Five Reasons Why Future Investment in Data Center Personnel Is Increasing15 min read
If you’re in the data center business, you may have noticed that business is booming. I’ve seen mergers, acquisitions, new deployments, edge locations, fresh construction, and new investments happening all over the data center industry. In fact, a recent report from Jones Lang Lasalle shows that 48 deals totaling nearly $20 Billion occurred in 2017. That’s almost exceeding the total 2015 and 2016 volumes combined. The trend will remain for the next several years as players continue to expand the scale, services, and expertise. Here’s another significant trend from their report – enterprises’ growing need to be near end-users will drive an uptick in growth in smaller satellite markets. The increasing importance of “edge” markets will begin to play a more significant role in data center strategies.
Finally, their report indicates that data centers have become exponentially more complicated in recent years, which really shouldn’t be a big surprise to anyone. Complexity applies to every facet of the business: facilities, hardware, user requirements, and solutions. JLL says to expect a jump in the industry’s need for remote monitoring, cloud-based management, and customized deliverables.
So, what challenges has this brought to data center leaders? Well, the saying “good help is hard to find” certainly applies here. Many organizations are investing in more data center and IT personnel. In fact, the majority of respondents from the latest AFCOM State of the Data Center Report indicate that they have increased their investment in IT and data center personnel in the past three years. The top three drivers of increased investment include demand for on-site coverage, improved training and certification requirements, and retention costs for existing staff.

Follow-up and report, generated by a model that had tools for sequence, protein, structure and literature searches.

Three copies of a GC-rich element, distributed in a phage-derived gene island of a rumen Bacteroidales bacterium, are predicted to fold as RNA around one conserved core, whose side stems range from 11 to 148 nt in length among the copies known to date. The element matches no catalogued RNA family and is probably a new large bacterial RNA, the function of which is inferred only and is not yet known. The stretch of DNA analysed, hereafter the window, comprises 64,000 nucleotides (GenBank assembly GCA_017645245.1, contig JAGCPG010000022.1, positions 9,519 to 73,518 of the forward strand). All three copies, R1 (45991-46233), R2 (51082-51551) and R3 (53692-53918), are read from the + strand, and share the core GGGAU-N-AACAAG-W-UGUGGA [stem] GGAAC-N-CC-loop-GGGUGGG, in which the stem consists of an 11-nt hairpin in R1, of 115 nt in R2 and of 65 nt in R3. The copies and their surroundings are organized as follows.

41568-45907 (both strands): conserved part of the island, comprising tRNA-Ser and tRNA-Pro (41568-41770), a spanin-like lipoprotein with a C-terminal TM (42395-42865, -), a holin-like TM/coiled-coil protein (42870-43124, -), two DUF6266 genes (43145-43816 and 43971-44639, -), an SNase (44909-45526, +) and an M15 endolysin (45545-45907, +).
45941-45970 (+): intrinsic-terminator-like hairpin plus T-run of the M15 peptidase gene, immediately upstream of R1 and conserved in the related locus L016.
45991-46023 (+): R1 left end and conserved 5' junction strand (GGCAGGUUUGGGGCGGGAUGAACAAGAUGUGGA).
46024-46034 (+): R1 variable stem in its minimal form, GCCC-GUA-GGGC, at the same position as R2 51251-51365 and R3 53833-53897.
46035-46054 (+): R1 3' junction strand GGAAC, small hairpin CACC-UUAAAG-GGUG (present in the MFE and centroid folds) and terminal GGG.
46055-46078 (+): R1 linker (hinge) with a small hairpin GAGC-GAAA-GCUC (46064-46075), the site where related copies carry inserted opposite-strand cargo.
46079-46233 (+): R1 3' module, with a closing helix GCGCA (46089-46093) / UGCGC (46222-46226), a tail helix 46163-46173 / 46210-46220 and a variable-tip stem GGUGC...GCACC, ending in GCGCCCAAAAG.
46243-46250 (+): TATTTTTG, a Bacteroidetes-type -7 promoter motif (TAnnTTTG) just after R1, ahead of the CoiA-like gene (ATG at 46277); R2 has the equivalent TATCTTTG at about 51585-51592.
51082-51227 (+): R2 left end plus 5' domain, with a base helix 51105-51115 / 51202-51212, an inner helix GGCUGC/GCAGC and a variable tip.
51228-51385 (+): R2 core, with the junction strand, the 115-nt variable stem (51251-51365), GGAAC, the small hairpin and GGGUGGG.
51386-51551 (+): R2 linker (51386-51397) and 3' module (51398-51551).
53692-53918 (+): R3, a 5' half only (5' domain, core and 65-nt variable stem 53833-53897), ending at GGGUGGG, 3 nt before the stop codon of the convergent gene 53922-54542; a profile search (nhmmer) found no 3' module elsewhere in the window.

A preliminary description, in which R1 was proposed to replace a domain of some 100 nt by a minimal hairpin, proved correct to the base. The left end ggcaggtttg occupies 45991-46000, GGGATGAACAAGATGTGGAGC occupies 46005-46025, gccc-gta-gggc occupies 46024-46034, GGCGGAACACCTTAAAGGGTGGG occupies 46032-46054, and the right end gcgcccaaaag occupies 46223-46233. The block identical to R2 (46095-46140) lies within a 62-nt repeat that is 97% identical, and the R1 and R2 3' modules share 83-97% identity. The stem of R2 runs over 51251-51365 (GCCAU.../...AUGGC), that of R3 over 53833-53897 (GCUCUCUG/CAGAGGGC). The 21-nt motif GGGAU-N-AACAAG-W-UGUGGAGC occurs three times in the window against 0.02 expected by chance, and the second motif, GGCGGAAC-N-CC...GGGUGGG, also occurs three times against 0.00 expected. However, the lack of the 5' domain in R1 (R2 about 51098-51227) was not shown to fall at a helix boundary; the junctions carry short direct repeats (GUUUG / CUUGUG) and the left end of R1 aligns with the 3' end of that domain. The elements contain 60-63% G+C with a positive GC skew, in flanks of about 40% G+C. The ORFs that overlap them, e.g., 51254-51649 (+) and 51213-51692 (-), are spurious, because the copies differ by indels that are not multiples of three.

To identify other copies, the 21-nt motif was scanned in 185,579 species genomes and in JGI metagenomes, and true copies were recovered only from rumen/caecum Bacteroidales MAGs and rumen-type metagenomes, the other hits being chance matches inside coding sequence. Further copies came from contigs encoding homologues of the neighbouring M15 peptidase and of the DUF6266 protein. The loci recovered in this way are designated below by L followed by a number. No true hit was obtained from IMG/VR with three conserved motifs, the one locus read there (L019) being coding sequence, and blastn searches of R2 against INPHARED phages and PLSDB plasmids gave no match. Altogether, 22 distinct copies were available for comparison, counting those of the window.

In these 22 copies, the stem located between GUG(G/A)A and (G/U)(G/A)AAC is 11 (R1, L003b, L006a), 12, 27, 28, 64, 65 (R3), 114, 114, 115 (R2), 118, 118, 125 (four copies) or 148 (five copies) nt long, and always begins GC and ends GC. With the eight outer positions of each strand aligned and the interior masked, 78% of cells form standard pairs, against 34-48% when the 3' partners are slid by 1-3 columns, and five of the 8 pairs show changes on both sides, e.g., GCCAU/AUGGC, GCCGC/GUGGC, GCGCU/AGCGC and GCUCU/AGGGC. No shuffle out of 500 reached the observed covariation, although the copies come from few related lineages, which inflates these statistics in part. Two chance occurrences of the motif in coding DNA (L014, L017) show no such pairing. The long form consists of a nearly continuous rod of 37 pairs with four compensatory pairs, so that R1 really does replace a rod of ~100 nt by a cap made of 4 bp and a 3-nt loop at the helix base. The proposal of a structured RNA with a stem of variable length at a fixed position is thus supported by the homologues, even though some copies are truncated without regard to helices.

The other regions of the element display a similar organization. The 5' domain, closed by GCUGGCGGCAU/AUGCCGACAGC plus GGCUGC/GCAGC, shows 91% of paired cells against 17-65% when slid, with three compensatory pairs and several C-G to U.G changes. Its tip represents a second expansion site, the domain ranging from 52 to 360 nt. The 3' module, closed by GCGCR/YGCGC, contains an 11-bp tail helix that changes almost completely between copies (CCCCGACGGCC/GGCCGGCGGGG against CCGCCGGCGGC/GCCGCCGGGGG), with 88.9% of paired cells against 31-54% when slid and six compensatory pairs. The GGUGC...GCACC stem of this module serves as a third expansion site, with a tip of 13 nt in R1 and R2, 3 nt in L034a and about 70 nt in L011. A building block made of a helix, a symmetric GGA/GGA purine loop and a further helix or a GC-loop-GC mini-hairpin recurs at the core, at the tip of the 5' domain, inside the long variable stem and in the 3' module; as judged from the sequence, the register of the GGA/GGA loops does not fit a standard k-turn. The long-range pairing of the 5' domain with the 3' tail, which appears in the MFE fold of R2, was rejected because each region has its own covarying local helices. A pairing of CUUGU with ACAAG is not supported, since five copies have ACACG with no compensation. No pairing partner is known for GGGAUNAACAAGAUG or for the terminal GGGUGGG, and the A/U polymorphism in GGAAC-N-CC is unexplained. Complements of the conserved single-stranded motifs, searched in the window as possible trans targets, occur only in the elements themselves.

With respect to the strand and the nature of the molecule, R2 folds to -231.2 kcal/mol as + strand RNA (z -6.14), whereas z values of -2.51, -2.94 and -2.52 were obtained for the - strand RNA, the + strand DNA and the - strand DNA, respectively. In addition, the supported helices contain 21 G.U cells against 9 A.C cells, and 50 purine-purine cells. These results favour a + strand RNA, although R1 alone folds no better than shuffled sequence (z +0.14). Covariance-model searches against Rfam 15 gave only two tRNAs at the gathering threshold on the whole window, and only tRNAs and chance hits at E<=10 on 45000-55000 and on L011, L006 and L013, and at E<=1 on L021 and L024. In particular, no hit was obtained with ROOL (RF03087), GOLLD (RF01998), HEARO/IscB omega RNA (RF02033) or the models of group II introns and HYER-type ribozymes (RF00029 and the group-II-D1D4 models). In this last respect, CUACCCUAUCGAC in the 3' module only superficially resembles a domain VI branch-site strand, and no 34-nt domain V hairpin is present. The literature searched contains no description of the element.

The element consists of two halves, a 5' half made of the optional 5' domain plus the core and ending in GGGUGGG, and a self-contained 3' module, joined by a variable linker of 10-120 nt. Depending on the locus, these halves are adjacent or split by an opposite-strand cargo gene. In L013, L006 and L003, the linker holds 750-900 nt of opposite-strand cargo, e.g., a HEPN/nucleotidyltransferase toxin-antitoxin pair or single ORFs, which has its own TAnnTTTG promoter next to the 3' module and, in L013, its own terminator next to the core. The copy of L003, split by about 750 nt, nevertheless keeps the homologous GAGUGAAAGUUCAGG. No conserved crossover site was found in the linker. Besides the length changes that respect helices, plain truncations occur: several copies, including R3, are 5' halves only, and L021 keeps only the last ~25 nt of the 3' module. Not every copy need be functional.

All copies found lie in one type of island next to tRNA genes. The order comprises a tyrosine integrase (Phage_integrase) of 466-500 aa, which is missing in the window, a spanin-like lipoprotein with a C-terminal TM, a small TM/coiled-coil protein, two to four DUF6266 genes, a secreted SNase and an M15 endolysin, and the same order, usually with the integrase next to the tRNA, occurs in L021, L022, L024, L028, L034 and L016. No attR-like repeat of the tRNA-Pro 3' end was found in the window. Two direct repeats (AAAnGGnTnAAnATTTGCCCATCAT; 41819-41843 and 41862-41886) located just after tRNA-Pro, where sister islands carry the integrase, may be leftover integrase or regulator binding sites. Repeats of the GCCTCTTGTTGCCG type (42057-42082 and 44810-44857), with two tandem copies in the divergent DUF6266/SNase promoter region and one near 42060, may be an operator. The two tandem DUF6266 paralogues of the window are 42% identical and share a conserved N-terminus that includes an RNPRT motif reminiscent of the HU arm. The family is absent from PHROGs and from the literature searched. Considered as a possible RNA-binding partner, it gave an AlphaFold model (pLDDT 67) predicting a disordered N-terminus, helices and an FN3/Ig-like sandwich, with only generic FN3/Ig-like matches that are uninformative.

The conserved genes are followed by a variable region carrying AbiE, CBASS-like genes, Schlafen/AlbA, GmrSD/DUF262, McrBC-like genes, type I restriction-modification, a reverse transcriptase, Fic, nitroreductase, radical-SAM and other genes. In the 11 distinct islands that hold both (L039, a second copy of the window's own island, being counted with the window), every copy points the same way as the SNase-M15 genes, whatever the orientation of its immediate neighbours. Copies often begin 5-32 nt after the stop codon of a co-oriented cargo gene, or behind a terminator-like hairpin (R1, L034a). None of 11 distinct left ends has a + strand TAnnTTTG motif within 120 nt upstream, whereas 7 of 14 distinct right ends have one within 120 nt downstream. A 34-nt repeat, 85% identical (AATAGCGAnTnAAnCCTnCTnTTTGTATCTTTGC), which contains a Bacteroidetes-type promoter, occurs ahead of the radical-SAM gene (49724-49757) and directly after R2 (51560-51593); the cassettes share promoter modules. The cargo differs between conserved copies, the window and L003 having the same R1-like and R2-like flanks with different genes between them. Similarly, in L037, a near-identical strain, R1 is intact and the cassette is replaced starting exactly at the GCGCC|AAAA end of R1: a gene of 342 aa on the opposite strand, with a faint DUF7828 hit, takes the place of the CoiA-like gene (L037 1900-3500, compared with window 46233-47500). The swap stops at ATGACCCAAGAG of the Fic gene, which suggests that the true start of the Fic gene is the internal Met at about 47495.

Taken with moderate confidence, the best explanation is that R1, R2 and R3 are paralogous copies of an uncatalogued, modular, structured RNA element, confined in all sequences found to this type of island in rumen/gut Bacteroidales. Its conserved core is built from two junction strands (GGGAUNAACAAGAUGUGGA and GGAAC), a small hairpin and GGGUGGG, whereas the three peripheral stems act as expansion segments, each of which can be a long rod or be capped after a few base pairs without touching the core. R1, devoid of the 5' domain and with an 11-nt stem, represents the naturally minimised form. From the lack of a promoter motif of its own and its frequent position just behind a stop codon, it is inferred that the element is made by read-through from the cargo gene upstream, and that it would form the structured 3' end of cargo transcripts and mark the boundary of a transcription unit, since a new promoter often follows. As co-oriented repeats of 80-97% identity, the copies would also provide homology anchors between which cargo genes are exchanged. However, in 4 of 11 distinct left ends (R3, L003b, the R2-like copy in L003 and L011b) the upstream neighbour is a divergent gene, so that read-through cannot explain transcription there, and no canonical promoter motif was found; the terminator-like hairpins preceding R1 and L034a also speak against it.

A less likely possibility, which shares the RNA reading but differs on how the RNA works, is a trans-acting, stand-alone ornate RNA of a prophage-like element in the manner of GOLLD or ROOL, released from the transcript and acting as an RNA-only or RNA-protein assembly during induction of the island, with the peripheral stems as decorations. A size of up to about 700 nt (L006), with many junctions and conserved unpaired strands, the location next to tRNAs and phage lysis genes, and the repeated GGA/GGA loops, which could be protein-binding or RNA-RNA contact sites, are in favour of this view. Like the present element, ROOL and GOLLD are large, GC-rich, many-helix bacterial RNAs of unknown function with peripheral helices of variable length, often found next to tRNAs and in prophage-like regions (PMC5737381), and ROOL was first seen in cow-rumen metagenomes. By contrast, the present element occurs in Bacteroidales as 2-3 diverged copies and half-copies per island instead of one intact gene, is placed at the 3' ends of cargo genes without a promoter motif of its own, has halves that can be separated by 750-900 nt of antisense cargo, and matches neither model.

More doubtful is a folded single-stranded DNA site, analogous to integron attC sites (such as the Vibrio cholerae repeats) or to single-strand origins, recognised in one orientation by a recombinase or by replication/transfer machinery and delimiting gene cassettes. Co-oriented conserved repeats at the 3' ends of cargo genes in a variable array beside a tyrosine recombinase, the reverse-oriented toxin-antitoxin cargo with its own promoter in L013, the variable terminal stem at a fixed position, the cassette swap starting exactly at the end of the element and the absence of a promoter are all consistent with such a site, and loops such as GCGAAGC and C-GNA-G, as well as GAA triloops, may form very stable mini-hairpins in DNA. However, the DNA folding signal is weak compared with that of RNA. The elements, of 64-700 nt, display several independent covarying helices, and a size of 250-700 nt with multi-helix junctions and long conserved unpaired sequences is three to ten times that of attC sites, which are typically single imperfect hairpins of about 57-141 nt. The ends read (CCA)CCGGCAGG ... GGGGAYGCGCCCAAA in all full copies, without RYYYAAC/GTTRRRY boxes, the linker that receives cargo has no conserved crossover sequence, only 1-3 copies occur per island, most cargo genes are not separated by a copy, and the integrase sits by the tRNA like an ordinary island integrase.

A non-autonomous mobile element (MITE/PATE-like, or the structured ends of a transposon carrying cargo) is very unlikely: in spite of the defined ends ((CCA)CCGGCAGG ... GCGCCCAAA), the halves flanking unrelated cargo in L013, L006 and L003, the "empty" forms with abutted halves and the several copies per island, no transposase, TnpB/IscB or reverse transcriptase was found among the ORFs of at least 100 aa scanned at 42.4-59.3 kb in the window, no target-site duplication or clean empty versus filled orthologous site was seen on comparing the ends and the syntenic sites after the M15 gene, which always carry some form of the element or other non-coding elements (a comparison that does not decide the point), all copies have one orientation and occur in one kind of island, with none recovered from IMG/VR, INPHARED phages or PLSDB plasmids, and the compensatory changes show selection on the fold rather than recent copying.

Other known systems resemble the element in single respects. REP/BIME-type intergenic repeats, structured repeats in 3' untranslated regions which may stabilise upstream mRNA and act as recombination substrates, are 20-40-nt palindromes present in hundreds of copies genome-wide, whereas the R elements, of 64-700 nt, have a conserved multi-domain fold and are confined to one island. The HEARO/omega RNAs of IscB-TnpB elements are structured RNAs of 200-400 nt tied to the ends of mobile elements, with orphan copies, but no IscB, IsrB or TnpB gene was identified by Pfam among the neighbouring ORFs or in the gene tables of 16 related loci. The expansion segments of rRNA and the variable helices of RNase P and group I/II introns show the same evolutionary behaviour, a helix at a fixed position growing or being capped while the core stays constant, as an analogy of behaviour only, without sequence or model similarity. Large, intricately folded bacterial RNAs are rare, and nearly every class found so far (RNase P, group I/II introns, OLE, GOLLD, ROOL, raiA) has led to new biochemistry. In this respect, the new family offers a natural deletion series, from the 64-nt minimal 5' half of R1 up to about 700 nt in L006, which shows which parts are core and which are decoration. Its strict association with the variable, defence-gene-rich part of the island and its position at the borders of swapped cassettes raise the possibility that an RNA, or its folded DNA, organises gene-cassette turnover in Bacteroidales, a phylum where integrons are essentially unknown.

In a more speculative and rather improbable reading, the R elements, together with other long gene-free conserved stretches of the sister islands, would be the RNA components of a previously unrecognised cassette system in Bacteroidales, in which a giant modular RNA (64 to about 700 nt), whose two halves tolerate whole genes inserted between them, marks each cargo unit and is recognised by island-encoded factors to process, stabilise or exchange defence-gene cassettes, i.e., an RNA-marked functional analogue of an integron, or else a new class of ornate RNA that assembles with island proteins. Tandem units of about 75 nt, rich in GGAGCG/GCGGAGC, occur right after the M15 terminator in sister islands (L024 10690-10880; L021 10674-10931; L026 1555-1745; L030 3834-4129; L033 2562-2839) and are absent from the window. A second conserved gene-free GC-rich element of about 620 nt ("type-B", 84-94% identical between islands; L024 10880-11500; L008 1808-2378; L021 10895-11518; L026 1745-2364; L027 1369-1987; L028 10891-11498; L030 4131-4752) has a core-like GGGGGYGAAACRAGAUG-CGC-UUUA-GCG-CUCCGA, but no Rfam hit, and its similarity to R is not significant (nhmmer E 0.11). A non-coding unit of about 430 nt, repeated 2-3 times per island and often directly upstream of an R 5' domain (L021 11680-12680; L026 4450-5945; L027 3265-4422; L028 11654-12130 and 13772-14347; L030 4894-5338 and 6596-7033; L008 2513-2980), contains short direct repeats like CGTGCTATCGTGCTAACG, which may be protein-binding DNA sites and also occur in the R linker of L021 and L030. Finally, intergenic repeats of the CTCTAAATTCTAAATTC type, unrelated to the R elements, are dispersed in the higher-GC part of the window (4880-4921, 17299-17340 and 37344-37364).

So, aside from the growth that the data center is experiencing, there are five big reasons that this investment in personnel is increasing. Moreover, if you’re in the market for a data center job – pay attention and focus on these areas:
- Cloud is impacting the way we work with and design data centers. Let me give you a concrete example from the AFCOM report. That is, respondents are most likely to be looking for Cloud Architect and Cloud Security skill sets, followed by data center, cloud, colocation, and connectivity expertise. Cloud is impacting why we’re seeing growth regarding the data as well as the kinds of people we hire.
- Edge is a big reason why data centers are experiencing growth. We see so much more data center distribution. Moreover, Edge is a big reason why this is happening. Personnel who can work with edge design are in significant demand. Consider this; the AFCOM report found that four in ten respondents have either deployed or planned to implement Edge compute capacity. The typical respondent plans for the following estimated mean number of edge locations over time: 5.6 currently; 6.4 within 12 months; and 12.2 within three years, serious growth to consider.
- Security, outages, and disaster recovery are growing concerns. No one wants to experience a disruption. Moreover, the value of our workloads and data is increasing every day. People who keep your data center fully operational are critical. Good people will never replace even the best technologies. However, good people can help you invest wisely to ensure that they can provide more value to both the business and the data center.